Kraftwerk: Autobahn, Tate Modern | New music reviews, news & interviews
Kraftwerk: Autobahn, Tate Modern
German electronic pioneers launch their eight-night residency at the Turbine Hall
Childlike wonder is a rare emotion at a gig, so gasps of delight are doubly jolting as the first images appear to float out of the mammoth screen behind the stage and float over our heads. These are notes of musical notation that cascade from a car radio at the moment when the dial shifts in "Autobahn", the track where Kraftwerk’s concepts first properly coalesced and that gave their breakthrough album its title. The German electronica pioneers are to play 1974’s Autobahn in full as they begin an eight-night residency revisiting much of their back catalogue in order.
It is also their first London date since 2004 and a UK debut for the 3D effects they have been using for the past couple of years to deflect attention from their impassive man-machine stances. Kraftwerk certainly know how to rise above the continuing taste for album gigs: rather than slumming in Kentish Town, the group have plumped for a formidable industrial space in keeping with their name (German for power station) and modernist aesthetic.
In a series of performances previously seen at New York’s Museum of Modern Art and last month in Dusseldorf, Kraftwerk are skipping earlier efforts to begin with their fourth, breakthrough album. It is intriguing how in the past 10 years the group have become a potent live draw – not just due to their impact on pop and dance music becoming established, but also due to the mystique of these apparent hermits and care taken over presentation.
With speakers all around us, Kraftwerk succeed in filling the space without resorting to pile-driver techno
That faltered last year when Tate’s computers crashed due to demand, but tonight is all Teutonic efficiency as a rigorous ticketing system keeps touts at bay and staff distribute cushions, cardboard 3D spectacles with a Kraftwerk logo and a crib sheet on the band and tonight’s album. The latter gives the event a retrospective feel (indeed, that was how it was described by MoMa), though the visuals, although retro too, give an immediate charge, as does the sound.
With speakers all around us, Kraftwerk succeed in filling the space without resorting to pile-driver techno – an opening "The Robots" comes with a powerful bass pulse that is never overwhelming, the group seamlessly morphing their analogue artefacts into digital classics. The surround sound provides some 3D effects itself, though as with the visuals is never overused in the manner of bad cinema.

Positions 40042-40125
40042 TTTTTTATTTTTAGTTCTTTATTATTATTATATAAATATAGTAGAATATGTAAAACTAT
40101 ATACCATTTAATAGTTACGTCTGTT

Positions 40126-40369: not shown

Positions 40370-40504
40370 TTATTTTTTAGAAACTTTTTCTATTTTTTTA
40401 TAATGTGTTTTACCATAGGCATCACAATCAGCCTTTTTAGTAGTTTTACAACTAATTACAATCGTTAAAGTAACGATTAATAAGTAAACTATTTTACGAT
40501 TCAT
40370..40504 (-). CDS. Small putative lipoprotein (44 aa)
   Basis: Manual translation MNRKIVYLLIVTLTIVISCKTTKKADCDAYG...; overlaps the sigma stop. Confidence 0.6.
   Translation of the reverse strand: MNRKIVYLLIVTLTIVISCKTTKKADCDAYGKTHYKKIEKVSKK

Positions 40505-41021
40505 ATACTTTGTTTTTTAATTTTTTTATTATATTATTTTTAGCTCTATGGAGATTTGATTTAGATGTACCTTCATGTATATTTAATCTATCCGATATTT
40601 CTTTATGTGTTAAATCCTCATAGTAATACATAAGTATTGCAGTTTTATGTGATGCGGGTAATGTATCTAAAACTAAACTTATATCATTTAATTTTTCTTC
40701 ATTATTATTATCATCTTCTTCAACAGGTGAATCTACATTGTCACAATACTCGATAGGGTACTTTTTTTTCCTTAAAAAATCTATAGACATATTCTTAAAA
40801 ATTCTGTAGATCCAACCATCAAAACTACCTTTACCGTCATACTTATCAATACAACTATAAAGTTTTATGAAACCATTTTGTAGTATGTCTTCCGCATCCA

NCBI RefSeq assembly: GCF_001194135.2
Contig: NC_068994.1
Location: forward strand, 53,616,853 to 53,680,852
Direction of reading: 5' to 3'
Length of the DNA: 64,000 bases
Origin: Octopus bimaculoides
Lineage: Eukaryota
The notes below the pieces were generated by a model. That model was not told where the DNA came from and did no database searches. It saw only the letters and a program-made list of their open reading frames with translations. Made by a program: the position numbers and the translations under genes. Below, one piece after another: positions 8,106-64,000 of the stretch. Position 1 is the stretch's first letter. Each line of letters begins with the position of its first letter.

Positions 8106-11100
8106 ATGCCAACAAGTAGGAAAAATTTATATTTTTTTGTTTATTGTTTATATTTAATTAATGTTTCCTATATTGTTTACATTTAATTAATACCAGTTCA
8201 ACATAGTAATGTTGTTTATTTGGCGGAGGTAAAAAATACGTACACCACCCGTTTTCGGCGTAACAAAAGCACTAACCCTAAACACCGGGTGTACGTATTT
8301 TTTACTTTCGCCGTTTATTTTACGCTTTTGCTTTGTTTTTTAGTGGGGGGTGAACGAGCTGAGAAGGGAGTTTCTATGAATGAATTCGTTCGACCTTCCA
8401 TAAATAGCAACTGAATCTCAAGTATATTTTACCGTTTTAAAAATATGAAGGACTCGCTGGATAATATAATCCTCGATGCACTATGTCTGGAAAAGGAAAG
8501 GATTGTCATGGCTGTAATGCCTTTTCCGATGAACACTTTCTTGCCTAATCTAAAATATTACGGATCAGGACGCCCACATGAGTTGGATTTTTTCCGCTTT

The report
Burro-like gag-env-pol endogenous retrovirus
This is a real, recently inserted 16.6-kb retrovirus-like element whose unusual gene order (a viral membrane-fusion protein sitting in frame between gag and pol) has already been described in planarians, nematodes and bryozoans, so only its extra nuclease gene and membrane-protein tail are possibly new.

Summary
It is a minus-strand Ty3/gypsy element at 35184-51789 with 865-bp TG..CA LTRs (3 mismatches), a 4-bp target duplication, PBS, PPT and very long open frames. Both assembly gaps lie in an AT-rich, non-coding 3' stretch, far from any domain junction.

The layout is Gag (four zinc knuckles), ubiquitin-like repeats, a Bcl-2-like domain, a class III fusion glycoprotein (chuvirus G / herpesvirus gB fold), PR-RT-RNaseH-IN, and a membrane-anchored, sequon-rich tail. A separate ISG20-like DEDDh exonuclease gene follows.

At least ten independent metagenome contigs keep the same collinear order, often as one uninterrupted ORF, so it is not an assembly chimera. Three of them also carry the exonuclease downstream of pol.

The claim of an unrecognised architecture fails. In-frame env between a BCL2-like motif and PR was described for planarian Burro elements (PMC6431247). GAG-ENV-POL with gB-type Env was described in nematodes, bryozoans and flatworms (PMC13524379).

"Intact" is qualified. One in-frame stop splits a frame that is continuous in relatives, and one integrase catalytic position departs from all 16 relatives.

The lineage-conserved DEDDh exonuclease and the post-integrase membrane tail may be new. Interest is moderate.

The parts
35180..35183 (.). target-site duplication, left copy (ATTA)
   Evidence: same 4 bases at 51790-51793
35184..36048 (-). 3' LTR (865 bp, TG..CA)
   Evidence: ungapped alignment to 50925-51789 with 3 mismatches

“Autobahn” itself comes shorter than the original album version, though from the opening splutter of an engine starting maintains the sense of journey over an engrossing 10 minutes, its crystalline melody floating in and out. In comparison, much of the rest of the album, mainly made up of less ambitious sound paintings, feels like an interlude. “Kometenmelodie 1” maintains its icy feel and contrasts well with the more optimistic chord progressions of “Kometenmelodie 2” – essentially the template for Orchestral Manoeuvres In the Dark’s career in a nutshell.
“Mitternacht” with its eerie John Carpenter-style strains and “Morgenspaziergang” are passed over in perfunctory fashion, though the CGI morning sky for the latter looks reminiscent of a previous evocation of a previous sun here. That leaves an hour and a half for a crowd pleasing run through the rest of the group’s back catalogue.
If this is a retrospective, Kraftwerk can still feel vibrantly current. It is not just the house pulse that makes “Computer Love” sound prescient, a tale of alienation with Ralf Hütter, the only founder member remaining in this foursome, pining for a “data date”. Similar emotional charges break into their synthesized wonderland elsewhere, most favourably in the wistful "Neon Lights".
More recent material from when Kraftwerk became aware of their cultural impact is less enticing. "Vitamin" and "Planet of Visions" seem to lack heart as the group come face to face with their legacy in techno music. These, though, are minor faults in a set that features the electro snap of "Computer World", the enduring metallic clank of "Trans Europe Express" and the dramatic breakdowns of "Tour De France". Another stage win, then, for the Kling Klang team.
- Kraftwerk are playing their entire back catalogue at Tate Modern until 14 February. Tonight's Radio-Activity show will be reviewed on theartsdesk tomorrow morning
Subscribe to theartsdesk.com
Thank you for continuing to read our work on theartsdesk.com. For unlimited access to every article in its entirety, including our archive of more than 10,000 pieces, we're asking for £2.95 per month or £25 per year. We feel it's a very good deal, and hope you do too.
To take an annual subscription now simply click here.
And if you're looking for that extra gift for a friend or family member, why not treat them to a theartsdesk.com gift subscription?
more New music
Live charisma adds human depth to the perfect sheen of her new record
The Swedish band’s back catalogue is made widely available for the first time
Kevin Rowlands wilful otherness makes a potentially very bad idea much more interesting
Not so crazy after all these years
From Afrobeat to psychedelia, from electronica to guitar pop, it's all here on plastic
As grime enters its mature phase, what contribution can Manchester make?
Literate Canadians bond with the audience to inspire a sing-along
After seven years away, the synth-pop return of a great Scottish songwriter
Despite an ill-balanced sound, the Mancunian orchestral/house music mash-up kicks off
The ABC mastermind on how he got his mojo back and finally made 'The Lexicon of Love II'
Richard Fearless returns with a minimalist electronica masterpiece
The latest eclectic global radio show starring Trinidadian legend Calypso Rose